Thirty-five years later, he unearthed the negatives from that period, dusted them off and packaged a stark, honest account of what punk was like circa ’76 to ’80 in his memoirs Trouble in the Camera Club. An exhibition of photos from the book takes place at the Nite Owl located at 213 -10 Ave. SW on Thursday, Oct. 9. Pyle will be there presenting his work and the Von Zippers will rip open the PA.
The conversation below pries into the zeitgeist of those early days, asking Pyle to expand on the images and comments found in his book.
BeatRoute: Bouncers at the El Mocambo pushed kids who embraced punk down a flight of stairs, yet other clubs were happy to see a new crop of kids coming through the doors, even if they were underage, as long as they drank beer. Was there a lot of rough handling by the old guard clubs towards the new pups during the transition period from rock to punk? I also get the sense that it was more than just a difference in music and attitude. Toronto seems to have had a very staunch working-class core who were fiercely loyal to bar bands and its culture. Punk must have thrown an ugly challenge to those stalwarts. What was the tension like?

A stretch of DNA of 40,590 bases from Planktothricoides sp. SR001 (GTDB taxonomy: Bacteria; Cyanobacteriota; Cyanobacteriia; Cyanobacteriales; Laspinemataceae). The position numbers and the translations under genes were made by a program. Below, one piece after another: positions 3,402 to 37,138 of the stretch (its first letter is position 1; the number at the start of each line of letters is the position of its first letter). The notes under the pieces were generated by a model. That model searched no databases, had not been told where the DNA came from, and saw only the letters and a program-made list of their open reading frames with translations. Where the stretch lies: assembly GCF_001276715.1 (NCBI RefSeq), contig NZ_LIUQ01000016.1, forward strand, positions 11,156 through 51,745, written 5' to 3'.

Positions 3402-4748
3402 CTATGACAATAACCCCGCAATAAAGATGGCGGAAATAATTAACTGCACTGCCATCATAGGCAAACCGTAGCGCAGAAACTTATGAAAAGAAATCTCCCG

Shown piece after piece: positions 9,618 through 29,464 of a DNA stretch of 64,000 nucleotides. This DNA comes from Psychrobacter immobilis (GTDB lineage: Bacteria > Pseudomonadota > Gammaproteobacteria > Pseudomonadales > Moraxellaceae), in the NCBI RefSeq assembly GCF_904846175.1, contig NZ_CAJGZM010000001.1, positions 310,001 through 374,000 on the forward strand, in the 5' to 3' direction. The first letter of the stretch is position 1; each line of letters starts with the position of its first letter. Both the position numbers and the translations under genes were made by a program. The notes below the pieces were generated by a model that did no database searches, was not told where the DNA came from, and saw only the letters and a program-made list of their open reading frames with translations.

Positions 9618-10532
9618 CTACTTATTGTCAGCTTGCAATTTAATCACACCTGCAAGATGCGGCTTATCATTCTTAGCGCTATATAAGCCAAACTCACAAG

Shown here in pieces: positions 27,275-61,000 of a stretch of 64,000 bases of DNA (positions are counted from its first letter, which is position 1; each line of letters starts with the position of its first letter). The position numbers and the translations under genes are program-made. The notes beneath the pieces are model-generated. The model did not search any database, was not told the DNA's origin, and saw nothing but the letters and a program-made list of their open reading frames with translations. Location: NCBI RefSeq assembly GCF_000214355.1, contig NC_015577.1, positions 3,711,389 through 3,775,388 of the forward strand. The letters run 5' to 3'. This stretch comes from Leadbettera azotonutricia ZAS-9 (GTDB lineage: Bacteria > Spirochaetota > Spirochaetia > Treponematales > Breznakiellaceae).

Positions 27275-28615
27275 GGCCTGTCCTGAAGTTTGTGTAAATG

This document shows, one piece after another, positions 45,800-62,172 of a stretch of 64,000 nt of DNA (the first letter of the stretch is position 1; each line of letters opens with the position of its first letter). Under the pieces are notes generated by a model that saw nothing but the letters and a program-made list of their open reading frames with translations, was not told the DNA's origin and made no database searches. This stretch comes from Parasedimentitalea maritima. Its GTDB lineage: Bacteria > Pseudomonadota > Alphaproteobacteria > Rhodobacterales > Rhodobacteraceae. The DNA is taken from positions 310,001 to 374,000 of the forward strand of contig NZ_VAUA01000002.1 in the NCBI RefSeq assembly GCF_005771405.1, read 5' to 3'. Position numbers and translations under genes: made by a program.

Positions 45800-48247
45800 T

Don Pyle: That tension was probably felt in all the cities across the country. So many of those pockets of resistance have been documented now, particularly in Sam Sutherland’s book, Perfect Youth. It really was the beginning of a transformation to what is generally and loosely referred to now as “alternative” culture. So many people were stuck in a particular mindset that really took someone else setting the example in order for them to wake up to other possibilities. An example of that is making your own records. I remember as a kid thinking my friend’s uncle was a star because he had his own record – a 45 he made himself of his C&W songs to sell at his bar shows. All those bands that played those crappy country and western bars aren’t given enough credit for really being an early example of DIY aesthetics. It wasn’t until other people did it that so many others discovered that you could actually take your own tape to a record manufacturing plant and pay for records to be made! The tension was so much about trying to grasp at their petty little power, that power that some people who become politicians or police or bouncers need to have. It was undoing an old system where dumb bouncers were the cultural guardians and it was like they were fighting the revolutionaries for their position of power. I never saw a case of “punks” attacking “rockers” just for being “rockers” but I certainly saw it in reverse. Quite a lot. It’s the same tension we see and feel today when you see or read about so much violence that results from male anger. That shit can be scary but that bouncer pushing someone down a flight of stairs is the same impulse that causes one country to declare war on another.